An effort by Del Norte County Supervisors to get at least part of the county reopened has failed.
County Administrative Officer Jay Sarina told supervisors Tuesday, April 28, at their regular meeting that State Parks denied a request to allow residents vehicular access to local units.
Sarina explained motorists can drive into Jedediah Smith Redwoods State Park via Walker Road, which the supervisors voted to reopen last week, but the parking area will remain cordoned off.
District 3 Supervisor Chris Howard originally brought up at a prior meeting State Parks’ decision to install lockable gates at some access points in local state park units without seeking public comment. Not pleased with State Parks' rejection, Howard directed county staff to send a letter to Gov. Gavin Newsom asking for an exemption for Del Norte County from a soft closure throughout the State Parks system that prohibits people from parking at its units.
Howard pointed to another contributor to the county’s exasperation - a statement on State Parks’ department web page regarding its response to COVID-19, that it would work with county representatives and their public health officers, had been removed.
“I don’t know where to go from here,” Howard said. “But there’s a lot of frustrated people in this community specific to the gate issue that is now in the state clearinghouse.”
Howard added he has also reached out to a representative from State Sen. Mike McGuire’s office.
“Continuing to have state park units closed to residents encourages people to congregate at areas that aren’t parking spaces,” Howard said.
Brett Silver, State Parks’ supervising ranger for the Redwoods Coast sector, had advised Sarina at the April 21 supervisors meeting to make the county’s request for an exemption to the soft closure order via California Office of Emergency Services.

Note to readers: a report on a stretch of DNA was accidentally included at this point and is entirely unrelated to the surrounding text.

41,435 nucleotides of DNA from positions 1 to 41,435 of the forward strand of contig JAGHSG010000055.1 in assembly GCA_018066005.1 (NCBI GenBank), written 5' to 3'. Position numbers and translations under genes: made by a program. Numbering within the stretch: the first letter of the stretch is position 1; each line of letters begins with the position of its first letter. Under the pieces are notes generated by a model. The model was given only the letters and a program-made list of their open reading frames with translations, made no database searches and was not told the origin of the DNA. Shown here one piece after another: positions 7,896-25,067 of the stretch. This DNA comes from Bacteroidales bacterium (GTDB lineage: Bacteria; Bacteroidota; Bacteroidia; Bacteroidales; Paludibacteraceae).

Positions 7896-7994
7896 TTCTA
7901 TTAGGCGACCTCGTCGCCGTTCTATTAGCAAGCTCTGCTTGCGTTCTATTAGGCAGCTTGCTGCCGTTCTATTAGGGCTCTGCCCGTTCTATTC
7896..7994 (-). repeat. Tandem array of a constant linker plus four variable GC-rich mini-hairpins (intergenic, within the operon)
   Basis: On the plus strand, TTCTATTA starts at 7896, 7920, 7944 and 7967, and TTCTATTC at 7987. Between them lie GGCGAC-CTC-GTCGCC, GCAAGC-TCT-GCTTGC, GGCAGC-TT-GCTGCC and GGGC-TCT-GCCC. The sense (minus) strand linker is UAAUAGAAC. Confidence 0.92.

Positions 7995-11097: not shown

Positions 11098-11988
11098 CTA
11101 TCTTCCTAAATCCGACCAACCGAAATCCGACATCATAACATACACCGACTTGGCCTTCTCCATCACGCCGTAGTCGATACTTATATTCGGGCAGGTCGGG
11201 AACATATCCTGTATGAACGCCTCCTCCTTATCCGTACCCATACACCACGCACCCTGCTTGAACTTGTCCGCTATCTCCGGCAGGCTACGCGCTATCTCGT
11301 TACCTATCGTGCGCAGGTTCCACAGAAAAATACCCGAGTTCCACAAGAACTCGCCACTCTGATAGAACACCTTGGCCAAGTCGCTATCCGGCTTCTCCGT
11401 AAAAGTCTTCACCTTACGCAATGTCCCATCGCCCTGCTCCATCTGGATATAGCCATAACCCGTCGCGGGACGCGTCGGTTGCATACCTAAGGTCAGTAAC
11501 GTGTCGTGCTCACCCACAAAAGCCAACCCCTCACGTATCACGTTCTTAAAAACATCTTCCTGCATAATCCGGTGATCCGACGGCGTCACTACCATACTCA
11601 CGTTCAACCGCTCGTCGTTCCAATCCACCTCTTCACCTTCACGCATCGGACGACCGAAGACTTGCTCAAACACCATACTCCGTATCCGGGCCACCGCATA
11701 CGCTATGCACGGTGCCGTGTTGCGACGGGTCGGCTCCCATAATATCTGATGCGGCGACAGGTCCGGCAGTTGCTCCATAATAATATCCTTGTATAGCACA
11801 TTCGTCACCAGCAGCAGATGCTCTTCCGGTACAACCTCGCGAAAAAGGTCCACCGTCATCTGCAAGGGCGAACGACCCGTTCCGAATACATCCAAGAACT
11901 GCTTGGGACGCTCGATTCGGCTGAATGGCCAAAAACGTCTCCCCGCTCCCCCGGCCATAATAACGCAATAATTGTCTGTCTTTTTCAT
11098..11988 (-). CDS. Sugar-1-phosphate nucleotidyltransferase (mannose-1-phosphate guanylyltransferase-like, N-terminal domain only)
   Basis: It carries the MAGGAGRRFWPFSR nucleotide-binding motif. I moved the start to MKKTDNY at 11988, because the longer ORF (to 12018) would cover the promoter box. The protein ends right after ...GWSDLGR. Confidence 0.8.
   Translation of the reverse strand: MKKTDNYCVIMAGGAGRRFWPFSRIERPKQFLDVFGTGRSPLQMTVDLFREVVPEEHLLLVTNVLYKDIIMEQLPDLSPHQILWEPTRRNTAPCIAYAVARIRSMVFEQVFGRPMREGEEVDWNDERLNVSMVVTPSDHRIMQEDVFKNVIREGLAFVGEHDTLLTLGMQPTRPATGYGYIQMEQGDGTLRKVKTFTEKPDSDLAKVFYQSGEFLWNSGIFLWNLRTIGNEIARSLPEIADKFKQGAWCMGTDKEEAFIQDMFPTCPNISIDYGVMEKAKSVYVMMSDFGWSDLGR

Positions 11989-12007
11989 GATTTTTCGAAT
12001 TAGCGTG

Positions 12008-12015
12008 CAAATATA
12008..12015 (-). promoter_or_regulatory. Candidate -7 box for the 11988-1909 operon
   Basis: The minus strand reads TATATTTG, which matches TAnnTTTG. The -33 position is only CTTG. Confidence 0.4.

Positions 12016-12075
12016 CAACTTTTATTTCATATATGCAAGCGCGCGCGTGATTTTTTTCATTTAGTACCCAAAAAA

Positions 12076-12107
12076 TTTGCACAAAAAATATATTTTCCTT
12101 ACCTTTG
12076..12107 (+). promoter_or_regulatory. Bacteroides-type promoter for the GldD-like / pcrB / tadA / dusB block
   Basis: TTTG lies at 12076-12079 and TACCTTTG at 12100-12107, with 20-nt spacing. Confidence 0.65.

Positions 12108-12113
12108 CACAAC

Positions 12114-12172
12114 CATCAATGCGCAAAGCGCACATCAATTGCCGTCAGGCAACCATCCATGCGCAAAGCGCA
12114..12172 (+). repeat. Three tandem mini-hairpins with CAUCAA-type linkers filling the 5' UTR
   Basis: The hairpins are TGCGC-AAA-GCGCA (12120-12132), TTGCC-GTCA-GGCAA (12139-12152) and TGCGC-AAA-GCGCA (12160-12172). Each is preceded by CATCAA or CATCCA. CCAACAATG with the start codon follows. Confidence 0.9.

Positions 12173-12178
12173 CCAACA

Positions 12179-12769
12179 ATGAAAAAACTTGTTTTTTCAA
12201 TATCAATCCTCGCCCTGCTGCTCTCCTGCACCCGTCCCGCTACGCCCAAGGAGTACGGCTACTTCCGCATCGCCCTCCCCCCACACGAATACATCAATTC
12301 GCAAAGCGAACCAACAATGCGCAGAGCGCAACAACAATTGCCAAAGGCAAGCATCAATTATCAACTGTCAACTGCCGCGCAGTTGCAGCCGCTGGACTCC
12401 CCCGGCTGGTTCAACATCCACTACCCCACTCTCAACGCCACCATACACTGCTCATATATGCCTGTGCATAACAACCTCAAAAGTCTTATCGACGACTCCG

Sarina told supervisors Tuesday he received an email back from the county’s representative to the California Office of Emergency Services’ regional center.
“It’s my understanding once it got to the regional center, State Parks said no they were not interested in doing that,” Sarina said. “It went back down the chain and back to me through our representative and that was the answer. I’m not sure why we had to go through that step, but I didn’t get a lot of detail in talking with Brett.”
The locked gates issue was originally brought to Howard’s attention earlier this month by Mike Coopman, a local fishing guide and representative of the Nor-Cal Guides & Sportsmen’s Association. On Tuesday, Coopman told supervisors that he was worried the gates were installed without input from the public or from local elected officials.
“My hopes are that this COVID-19 stuff will pass. Yet if the state and national park are allowed to put in permanent gates, those are permanent and going in under the cloak of COVID-19 and completely in the dark to all elected officials, including the Del Norte County Board of Supervisors, the sheriff, Congressman Huffman, Sen. McGuire, all of the above,” Coopman said. “It seems rather secretive and, in our opinion, an overreach.”
Coopman added that the Nor-Cal Guides & Sportsmen’s Association has also sent letters to the region’s state representatives opposing the gates.